Safe, Sane, and Consensual: Building a Foundation of Respect in Intimate Relationships

RelationshipsMaster Ryker

There's an important phrase in the intimacy world: safe, sane, and consensual. These three words represent a critical foundation for sexual safety and respect. To those whos culmination of sex education comes from a sweaty 8th grade gym teacher, this concept probably wasn't covered as well as it could have been.

While I'm sure they were well meaning, there is definitely more to learn that an awkward few hours on a heavily redacted class about the reproduction system.

So what does it mean to be safe sane and consensual in your intimate relationships?

Safe

 

The first element of safe, sane, and consensual is safety. Safety is all about taking care of yourself and your partner. This includes using protection during sex, being aware of your own limits and boundaries, and communicating those boundaries to your partner. It also means understanding the risks involved in different sexual activities and taking steps to minimize those risks.

 

Sane

 

The second element of safe, sane, and consensual is sanity. This refers to mental and emotional safety. Being intimate with a partner inherently is a place of vulnerability. Ideally you want to approach sex and sexuality from a place of mental and emotional health, and to make sure that your partner is in a healthy place as well. This means being aware of your own mental and emotional states and being respectful of your partner's mental and emotional needs. It also means avoiding sexual activities that could cause mental or emotional harm, such as non-consensual sex or sexual coercion.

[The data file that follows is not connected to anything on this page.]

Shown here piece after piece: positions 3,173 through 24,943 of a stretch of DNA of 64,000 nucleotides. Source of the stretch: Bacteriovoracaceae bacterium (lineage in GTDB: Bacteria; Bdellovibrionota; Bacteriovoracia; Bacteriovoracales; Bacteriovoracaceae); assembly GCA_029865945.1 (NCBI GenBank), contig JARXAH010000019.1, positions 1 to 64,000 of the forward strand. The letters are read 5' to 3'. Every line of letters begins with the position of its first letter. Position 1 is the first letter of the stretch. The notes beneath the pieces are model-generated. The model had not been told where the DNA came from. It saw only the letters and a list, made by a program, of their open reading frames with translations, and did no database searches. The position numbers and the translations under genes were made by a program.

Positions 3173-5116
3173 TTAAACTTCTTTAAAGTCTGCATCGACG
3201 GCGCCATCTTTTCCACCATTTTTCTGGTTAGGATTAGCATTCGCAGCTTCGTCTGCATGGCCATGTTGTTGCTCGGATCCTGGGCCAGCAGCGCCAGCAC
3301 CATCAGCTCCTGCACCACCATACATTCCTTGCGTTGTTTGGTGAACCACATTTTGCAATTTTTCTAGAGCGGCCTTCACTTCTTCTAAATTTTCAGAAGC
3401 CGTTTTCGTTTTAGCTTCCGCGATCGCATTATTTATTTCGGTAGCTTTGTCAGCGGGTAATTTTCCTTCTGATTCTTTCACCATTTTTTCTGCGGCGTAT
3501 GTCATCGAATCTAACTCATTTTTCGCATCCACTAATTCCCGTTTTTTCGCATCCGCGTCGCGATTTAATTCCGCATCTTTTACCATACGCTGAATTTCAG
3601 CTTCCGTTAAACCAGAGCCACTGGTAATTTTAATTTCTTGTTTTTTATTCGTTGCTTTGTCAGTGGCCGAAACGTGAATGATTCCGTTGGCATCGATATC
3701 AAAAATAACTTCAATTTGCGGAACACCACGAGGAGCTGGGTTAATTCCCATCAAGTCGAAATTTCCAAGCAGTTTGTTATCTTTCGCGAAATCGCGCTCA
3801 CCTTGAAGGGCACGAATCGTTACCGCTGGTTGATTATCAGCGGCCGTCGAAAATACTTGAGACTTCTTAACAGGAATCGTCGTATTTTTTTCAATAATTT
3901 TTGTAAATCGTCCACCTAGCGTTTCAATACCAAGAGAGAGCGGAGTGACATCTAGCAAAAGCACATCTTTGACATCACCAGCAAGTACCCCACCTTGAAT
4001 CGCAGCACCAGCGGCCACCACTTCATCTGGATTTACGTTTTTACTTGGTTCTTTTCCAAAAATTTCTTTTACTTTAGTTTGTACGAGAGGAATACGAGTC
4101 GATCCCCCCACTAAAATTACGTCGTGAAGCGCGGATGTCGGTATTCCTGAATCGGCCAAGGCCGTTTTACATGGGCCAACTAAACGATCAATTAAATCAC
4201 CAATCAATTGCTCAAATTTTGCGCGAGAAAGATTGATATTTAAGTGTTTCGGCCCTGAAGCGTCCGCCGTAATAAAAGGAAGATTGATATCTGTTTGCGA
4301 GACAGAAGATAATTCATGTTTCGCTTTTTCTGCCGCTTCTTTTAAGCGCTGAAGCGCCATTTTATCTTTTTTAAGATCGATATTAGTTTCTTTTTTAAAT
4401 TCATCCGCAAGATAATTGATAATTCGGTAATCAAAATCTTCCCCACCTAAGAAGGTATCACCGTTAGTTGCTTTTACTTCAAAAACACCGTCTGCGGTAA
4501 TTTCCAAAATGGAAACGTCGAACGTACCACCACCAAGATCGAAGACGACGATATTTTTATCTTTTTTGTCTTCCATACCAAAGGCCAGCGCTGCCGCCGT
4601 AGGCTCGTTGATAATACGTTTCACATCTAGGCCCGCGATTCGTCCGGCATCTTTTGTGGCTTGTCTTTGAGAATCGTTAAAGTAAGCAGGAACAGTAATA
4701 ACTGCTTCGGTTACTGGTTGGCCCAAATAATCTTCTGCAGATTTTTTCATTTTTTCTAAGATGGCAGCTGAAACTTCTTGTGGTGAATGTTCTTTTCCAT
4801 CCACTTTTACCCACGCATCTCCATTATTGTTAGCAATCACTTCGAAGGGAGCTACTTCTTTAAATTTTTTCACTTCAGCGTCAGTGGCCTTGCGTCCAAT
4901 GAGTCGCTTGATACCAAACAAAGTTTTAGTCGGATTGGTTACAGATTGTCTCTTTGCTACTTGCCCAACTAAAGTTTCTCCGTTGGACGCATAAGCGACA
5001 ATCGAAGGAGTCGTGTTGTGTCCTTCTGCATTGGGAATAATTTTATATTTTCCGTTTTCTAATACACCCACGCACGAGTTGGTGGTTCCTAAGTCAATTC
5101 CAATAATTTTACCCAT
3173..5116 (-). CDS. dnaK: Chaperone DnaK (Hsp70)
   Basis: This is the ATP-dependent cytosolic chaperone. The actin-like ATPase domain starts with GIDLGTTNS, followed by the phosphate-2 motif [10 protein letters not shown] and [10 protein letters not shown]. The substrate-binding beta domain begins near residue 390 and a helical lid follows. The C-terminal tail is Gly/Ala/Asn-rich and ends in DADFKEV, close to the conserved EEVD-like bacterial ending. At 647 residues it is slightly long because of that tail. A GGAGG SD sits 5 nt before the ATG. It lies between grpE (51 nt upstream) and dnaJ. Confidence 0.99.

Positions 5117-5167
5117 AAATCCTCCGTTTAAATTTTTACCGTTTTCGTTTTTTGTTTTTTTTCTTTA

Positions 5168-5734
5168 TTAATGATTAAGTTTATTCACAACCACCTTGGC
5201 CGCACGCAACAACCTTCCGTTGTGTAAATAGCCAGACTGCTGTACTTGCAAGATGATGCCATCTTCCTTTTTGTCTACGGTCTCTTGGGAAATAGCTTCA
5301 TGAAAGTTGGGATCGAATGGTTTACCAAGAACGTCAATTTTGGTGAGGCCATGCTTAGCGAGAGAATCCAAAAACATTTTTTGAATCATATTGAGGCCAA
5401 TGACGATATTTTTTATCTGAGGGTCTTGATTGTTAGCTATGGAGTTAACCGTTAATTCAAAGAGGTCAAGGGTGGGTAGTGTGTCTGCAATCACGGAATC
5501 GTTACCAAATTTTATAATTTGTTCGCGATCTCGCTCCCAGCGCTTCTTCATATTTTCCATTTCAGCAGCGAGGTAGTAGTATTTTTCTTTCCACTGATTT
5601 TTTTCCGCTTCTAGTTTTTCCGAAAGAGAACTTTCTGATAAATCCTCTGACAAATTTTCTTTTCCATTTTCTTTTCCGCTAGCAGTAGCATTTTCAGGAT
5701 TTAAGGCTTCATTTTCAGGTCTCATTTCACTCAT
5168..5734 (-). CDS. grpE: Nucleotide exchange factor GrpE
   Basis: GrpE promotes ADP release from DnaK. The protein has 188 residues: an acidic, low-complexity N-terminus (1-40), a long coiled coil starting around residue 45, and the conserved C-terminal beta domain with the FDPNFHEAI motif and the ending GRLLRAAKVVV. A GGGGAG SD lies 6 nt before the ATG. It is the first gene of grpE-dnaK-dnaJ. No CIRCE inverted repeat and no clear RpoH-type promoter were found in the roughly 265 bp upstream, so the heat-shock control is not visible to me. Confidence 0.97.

Consensual

Silly? Yes but it gets the point across. Take your consent a step further with a consensual contract that you can find here! https://eforms.com/consent/sexual/

 

The third and perhaps most important element of safe, sane, and consensual is consent. Consent means that all parties involved in a sexual activity are fully and enthusiastically participating of their own free will. It means that each person is aware of what's happening and has given clear and enthusiastic permission for the activity to take place. Consent is ongoing - just because someone consents to one activity doesn't mean they're consenting to everything. Consent can be withdrawn at any time. Check in with your partner periodically, and no means no.

For those in the back...

By prioritizing safety, sanity, and consent in our sexual experiences, we can create a culture of mutual respect, pleasure, and wellbeing. Remember to always communicate openly and honestly with your partner, to respect each other's boundaries, and to prioritize the safety and wellbeing of all parties involved.

Post note:

While SSC is the general accepted terms of awareness for sexual safety and respect, other methods have been introduced in recent years to include RACK and the 4C's

for a deep dive on the evolution of this concept, see

https://www.researchgate.net/publication/271854517_From_SSC_and_RACK_to_the_4Cs_Introducing_a_New_Framework_for_Negotiating_BDSM_Participation

 

Relationships

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